The Professional Teacher Preparation Program leading to a California Teaching Credential at Biola University is subject to change in response to new legislation. Please see a credential analyst in the School of Education for current information on completing the requirements for a teaching credential. Students must consult with both their major advisor and a School of Education advisor.

In addition to the program courses above, this concentration must complete the following.

Code | Title | Credits |
---|---|---|

Concentration-Specific Core Curriculum (GE) Course | ||

Behavioral Science | ||

Introduction to Psychology | ||

Concentration Courses | ||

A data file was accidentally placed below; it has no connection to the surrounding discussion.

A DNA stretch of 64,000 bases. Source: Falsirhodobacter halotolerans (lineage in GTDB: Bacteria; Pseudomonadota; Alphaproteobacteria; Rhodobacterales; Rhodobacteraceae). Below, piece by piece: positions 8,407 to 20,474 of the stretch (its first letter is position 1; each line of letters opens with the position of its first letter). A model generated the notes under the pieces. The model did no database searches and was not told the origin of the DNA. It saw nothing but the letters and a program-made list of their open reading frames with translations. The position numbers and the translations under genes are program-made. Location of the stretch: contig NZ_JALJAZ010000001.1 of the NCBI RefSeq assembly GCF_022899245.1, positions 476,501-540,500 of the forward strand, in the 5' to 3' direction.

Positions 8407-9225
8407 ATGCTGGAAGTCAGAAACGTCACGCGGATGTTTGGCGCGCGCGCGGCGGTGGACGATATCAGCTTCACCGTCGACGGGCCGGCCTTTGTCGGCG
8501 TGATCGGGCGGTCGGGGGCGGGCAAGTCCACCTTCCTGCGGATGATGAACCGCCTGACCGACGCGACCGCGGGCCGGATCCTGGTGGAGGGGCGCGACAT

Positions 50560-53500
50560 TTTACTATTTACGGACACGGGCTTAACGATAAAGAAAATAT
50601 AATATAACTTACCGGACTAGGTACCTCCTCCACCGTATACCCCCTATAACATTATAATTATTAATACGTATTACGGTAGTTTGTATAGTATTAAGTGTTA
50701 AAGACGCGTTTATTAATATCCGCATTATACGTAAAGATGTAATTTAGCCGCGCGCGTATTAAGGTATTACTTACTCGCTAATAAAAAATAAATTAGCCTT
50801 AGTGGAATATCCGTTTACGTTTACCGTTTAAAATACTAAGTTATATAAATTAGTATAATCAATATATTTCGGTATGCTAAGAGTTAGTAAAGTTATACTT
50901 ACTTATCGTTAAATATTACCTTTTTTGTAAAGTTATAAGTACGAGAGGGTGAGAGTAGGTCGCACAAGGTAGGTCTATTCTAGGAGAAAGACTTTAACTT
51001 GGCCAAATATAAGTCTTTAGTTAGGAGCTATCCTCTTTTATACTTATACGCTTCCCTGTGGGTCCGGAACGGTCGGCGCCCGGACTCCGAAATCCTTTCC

MATH 331 | Probability | 3 |

MATH 341 | Classical Geometry | 3 |

MATH 415 | Number Theory and the History of Mathematics | 3 |

MATH 318 | Biostatistics | 3 |

or MATH 332 | Statistics | |

Select two courses at the 300 or 400 level in Math | 6 | |

Education Courses | ||

LEDU 301 | Introduction to Teaching | 3 |

LEDU 330 | Psychological Foundations of Education | 3 |

LEDU 341 | Methods of Teaching Linguistically Diverse Students | 3 |

LEDU 425 | Secondary Content Area Reading | 3 |

LEDU 433 | Single Subject Pedagogy | 2 |

LEDU 438 | Secondary Curriculum, Differentiation, and Assessment | 3 |

Student teaching (12 credits) may be completed at the graduate level and is not required for undergraduate graduation: | ||

Secondary Student Teaching I | ||

Secondary Student Teaching II | ||

Total Credits | 35 |